What matters now is the safe release of the crew and the continued safety of the Royal Navy crew in the region. Let us keep this foremost in our minds as they once again sail difficult waters and conduct challenging operations to keep this nation safe where the tactical actions of (often very young and very junior) personnel will have strategic consequences. There is no doubt though that once again our nation’s finest people will rise to the challenge admirably.

Well yeah, that is perhaps important, but somehow I doubt that Drake or Nelson would be excited by this dry bureaucratese. I find myself agreeing with CBD over at Ace’s, it ain’t the number of ships, it’s the men (and women) commanding them.

It’s not the size of the Royal Navy, it’s the size of Britain’s balls that’s the problem.

Is the Royal Navy too small to deal with Iranian threat?

Tobias Ellwood told The Times: “The threats we’re facing are changing in front of us, the world is getting more complex. If we are wanting to continue to play this influential role on the international stage it will require further funding for our armed forces, not least the Royal Navy. Our Royal Navy is too small to manage our interests across the globe.”

The issue isn’t the size and reach of the Royal Navy; it has been shrinking for years. The issue is that the United Kingdom has been emasculated by its elites, who would rather kowtow to the maniacal SJWs and cultivate voting blocs within immigrant populations than defend the culture and history of their country. The result is a country without a core; one that is unwilling to defend itself even in response to a direct and obvious provocation from a country that is reeling from sanctions and is lashing out at the world.

I have no doubt whatsoever of that being true. It’s true here as well. but not as badly. The elites/ globalists or whatever you wish to call them, want us all to be what Malvina Reynolds described so well back in 1962:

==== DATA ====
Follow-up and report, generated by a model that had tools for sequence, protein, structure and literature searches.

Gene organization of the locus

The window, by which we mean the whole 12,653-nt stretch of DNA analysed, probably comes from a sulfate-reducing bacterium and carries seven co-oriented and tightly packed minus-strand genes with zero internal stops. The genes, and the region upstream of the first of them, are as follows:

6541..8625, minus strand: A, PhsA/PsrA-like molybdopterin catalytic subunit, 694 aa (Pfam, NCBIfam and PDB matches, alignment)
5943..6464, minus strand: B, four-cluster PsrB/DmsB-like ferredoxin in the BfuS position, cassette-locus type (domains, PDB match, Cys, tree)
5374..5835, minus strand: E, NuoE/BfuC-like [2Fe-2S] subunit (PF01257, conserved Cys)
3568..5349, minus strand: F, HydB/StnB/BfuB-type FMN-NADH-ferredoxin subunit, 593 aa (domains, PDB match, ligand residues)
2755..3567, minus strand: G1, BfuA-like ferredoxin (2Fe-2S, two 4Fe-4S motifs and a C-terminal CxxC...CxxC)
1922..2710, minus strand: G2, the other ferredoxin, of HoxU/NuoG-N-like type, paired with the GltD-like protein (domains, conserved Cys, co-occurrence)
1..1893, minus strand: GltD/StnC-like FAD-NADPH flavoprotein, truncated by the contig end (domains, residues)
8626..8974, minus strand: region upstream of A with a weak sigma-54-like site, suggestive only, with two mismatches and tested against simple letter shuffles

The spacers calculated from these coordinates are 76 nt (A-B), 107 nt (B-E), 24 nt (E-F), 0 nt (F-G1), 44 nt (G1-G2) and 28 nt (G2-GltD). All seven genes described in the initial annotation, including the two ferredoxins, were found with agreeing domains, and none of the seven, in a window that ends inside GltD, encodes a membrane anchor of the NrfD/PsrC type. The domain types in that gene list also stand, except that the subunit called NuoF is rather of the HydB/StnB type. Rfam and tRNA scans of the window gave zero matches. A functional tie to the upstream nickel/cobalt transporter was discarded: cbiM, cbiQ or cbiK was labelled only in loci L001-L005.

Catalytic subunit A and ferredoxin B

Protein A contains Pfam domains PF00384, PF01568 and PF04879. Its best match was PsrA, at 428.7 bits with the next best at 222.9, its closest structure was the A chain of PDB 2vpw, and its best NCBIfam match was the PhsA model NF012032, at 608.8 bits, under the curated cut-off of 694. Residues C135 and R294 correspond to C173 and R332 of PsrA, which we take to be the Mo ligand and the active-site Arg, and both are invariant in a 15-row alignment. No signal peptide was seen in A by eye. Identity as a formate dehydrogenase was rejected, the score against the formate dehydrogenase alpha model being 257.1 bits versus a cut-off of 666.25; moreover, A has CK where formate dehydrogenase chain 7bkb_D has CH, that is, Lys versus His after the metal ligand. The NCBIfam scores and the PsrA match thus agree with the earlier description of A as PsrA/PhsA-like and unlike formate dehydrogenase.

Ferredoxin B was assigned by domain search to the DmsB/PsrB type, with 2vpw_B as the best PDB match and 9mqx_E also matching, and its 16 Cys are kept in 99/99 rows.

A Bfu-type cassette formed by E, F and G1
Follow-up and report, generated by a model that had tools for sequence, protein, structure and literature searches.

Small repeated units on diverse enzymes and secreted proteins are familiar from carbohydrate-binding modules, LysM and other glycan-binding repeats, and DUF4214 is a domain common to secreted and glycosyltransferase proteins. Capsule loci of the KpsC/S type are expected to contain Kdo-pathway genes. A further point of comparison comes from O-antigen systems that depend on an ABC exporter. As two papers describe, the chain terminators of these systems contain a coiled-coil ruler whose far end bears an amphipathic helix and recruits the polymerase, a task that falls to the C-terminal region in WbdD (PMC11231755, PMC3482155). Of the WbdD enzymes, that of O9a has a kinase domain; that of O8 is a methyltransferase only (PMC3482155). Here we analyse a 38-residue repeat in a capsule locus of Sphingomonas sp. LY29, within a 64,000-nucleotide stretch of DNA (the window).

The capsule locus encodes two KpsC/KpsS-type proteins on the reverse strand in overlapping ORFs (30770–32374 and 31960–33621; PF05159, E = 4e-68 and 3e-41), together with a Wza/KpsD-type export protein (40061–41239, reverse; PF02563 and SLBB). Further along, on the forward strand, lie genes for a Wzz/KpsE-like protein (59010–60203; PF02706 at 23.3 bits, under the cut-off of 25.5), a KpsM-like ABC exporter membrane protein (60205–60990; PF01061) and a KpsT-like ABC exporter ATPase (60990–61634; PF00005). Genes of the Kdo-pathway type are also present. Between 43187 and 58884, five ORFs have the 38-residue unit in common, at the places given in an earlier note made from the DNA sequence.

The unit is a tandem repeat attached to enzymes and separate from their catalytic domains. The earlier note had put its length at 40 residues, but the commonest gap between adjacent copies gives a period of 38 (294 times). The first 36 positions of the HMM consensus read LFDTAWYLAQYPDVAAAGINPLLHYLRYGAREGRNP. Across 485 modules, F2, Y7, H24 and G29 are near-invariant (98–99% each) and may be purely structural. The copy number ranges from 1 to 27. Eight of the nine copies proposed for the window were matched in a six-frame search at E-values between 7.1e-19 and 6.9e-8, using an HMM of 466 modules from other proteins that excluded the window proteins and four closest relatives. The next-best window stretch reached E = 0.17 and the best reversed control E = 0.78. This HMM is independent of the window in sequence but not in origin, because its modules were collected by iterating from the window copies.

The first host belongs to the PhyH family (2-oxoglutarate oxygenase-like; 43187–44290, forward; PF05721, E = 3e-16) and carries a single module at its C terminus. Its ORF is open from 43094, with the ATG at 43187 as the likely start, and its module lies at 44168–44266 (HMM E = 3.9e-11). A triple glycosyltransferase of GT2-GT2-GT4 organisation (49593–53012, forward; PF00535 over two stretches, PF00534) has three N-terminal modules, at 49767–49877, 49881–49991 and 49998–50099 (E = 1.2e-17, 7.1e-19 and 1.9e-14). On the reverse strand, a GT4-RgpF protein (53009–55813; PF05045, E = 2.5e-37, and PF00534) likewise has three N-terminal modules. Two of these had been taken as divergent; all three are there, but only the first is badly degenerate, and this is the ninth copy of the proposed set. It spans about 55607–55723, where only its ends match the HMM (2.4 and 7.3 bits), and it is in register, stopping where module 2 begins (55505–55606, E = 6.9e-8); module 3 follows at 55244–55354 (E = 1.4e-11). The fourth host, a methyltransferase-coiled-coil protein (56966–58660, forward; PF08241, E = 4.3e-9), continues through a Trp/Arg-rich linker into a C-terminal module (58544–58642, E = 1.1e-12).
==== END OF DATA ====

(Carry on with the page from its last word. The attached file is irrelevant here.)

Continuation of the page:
Little boxes on the hillside,
Little boxes made of ticky tacky,1
Little boxes on the hillside,
Little boxes all the same.
There’s a green one and a pink one
And a blue one and a yellow one,
And they’re all made out of ticky tacky
And they all look just the same.

And the people in the houses
All went to the university,
Where they were put in boxes
And they came out all the same,
And there’s doctors and lawyers,
And business executives,
And they’re all made out of ticky tacky
And they all look just the same.

Well, those people aren’t going to make Britain great again. The Brits, like the Americans, built the joint against great odds. And none of the people she described in the song are going to use Nelson’s Telescope, let along go against the standing orders to win the battle that would win Britain supremacy for a century. This is the navy that once executed an admiral for not engaging aggressively enough but now sold to middle management who only know how to tick the boxes.

But that’s not strictly a naval problem, it is the base problem with HMG, which has sold itself to the EU, and their gray dull, masters only want subservience. It a formula for losing and losers. England Expects Better. They deserve it too.

And there is the real task that Boris (and Trump) have each undertaken. And it needs the stamp “ACTION THIS DAY

About NEO
Lineman, Electrician, Industrial Control technician, Staking Engineer, Inspector, Quality Assurance Manager, Chief Operations Officer

3 Responses to Too small? Or a Leadership Deficit.

  1. the unit says:

    Guess I could google to see how small. Whatever I found would just say “E.D. was the problem.”

    Liked by 1 person